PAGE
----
The stage's primary breakaway commenced forming at the 17 km (10.6 mi) mark, on the ascent of the first climb, the first-category Alt de Coubet. Team Saxo Bank's Chris Anker Sørensen went clear with BMC Racing Team rider Johann Tschopp before they were joined on the descent by Janez Brajkovič of Astana. This trio were eventually by another nine riders from two distinct groups, with the best-placed of these riders being Mickaël Cherel (Ag2r–La Mondiale) – who after two solid finishes in the opening two stages of the race – in third position in the general classification. The break quickly extended their gap to the main field, reaching a maximum of nigh on eleven minutes at the 123.5 km (76.7 mi) point of the stage. The inclement weather failed to relent, forcing organisers to deploy snow-clearing machinery at the finish, in a bid to run the stage at its full length. Ultimately, their bid to do so was futile as race organisers could not guarantee a safe finish into Port Ainé, a ski station in the Pyrenees. The finish was moved to a point on the lower slopes of Port del Cantó, and thus eliminating any opportunity for the main field to contest for the stage victory; the twelve-man breakaway were just 10 km (6.2 mi) away from the point as the decision was made to do so.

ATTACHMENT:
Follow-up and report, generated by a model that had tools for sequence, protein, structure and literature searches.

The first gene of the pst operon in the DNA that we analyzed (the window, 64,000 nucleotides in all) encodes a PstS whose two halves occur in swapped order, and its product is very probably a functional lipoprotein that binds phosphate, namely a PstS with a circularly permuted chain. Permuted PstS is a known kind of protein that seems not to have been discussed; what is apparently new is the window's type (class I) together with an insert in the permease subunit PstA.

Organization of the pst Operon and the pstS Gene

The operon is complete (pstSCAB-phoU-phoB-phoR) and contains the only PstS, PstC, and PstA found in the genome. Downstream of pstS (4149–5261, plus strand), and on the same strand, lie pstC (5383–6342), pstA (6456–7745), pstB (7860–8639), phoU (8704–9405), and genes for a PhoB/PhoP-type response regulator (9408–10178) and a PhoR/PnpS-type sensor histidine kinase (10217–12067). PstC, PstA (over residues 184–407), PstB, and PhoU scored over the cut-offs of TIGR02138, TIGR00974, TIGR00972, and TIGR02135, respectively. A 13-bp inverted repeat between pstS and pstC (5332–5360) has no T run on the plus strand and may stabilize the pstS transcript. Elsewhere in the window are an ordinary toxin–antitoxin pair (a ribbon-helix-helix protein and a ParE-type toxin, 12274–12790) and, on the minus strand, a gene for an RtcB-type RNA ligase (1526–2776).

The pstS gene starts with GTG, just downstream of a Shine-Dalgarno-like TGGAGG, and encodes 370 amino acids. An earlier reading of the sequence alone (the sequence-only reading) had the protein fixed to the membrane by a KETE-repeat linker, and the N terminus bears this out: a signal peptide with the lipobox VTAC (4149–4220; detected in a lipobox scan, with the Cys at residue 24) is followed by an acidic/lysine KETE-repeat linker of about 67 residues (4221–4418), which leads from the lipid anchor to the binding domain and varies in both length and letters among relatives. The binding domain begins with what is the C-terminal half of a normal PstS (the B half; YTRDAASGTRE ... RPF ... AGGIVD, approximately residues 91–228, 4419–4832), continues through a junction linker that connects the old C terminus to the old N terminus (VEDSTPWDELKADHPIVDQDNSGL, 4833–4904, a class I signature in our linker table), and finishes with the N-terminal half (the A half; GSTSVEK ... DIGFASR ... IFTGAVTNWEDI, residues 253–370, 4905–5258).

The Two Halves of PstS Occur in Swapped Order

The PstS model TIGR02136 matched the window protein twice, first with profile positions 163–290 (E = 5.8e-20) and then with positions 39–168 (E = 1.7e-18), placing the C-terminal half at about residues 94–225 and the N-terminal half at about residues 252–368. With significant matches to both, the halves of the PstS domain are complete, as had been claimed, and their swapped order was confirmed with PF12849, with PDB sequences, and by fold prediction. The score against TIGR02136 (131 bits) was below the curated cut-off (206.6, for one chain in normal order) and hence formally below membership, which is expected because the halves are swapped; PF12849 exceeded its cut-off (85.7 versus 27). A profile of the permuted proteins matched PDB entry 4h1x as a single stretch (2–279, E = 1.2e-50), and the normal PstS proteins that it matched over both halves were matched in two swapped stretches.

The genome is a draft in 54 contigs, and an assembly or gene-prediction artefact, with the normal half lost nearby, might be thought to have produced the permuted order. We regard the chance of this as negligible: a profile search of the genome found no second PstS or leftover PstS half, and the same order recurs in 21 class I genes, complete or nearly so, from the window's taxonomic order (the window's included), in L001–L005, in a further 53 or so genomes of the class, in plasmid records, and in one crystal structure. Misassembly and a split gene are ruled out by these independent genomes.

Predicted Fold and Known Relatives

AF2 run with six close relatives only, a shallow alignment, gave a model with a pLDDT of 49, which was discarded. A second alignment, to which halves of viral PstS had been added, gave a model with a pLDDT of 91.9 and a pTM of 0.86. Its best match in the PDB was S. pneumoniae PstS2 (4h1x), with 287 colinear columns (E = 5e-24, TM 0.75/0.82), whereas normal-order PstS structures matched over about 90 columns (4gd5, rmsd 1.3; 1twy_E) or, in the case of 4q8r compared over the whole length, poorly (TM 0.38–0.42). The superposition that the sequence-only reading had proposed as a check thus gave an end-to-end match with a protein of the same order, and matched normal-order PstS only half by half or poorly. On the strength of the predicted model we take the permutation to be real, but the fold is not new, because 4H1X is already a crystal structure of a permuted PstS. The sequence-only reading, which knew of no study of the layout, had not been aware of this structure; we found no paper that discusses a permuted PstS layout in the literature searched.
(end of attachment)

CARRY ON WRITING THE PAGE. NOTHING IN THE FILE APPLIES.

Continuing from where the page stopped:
With the finish marked out by just a solitary line on the road, Brajkovič won the sprint for the line ahead of Omega Pharma–Quick-Step rider Michał Gołaś and Matteo Carrara of Vacansoleil–DCM. The peloton came across the line around eight minutes later, having cut into the lead in the false hope that the stage would run its full parcours. Several hours after the stage was completed, it was announced that the timings would not count towards the general classification, but points towards the mountains and sprints classifications would count. This meant that – while losing the lead of the mountains classification to Sørensen – GreenEDGE rider Michael Albasini maintained his 92-second advantage at the head of the race, and also assumed the lead of the sprints classification after previous leader Anthony Delaplace (Saur–Sojasun), like 32 other riders, abandoned during the stage. Among the other abandonments were Bradley Wiggins and Richie Porte of Team Sky, BMC Racing Team rider Tejay van Garderen and RadioShack–Nissan trio Andy Schleck, Ben Hermans and Tiago Machado.
The announcement of neutralising the time gaps came as no surprise to many of the riders and team members. Stage winner Brajkovič described the stage and its conditions as the "hardest day of his life", while runner-up on the day Gołaś noted that it was not until he saw race officials that he knew where the finish of the stage was. Race leader Albasini's team director at GreenEDGE, Neil Stephens, also described the announcement as a fair decision, having encountered a similar situation during the 1995 running of the event, when he was riding for the ONCE team. Fellow team director José Azevedo (RadioShack–Nissan) was more frank with his comments; he expressed dismay at the late nature of being told about the stage's shortening, and anger at other riders for failing to wait for crashed riders in the early stages. The order of riders placed 3rd to 7th were subsequently revised on the UCI's official results service, but as of May 2012 remained unchanged on the event organisers' site.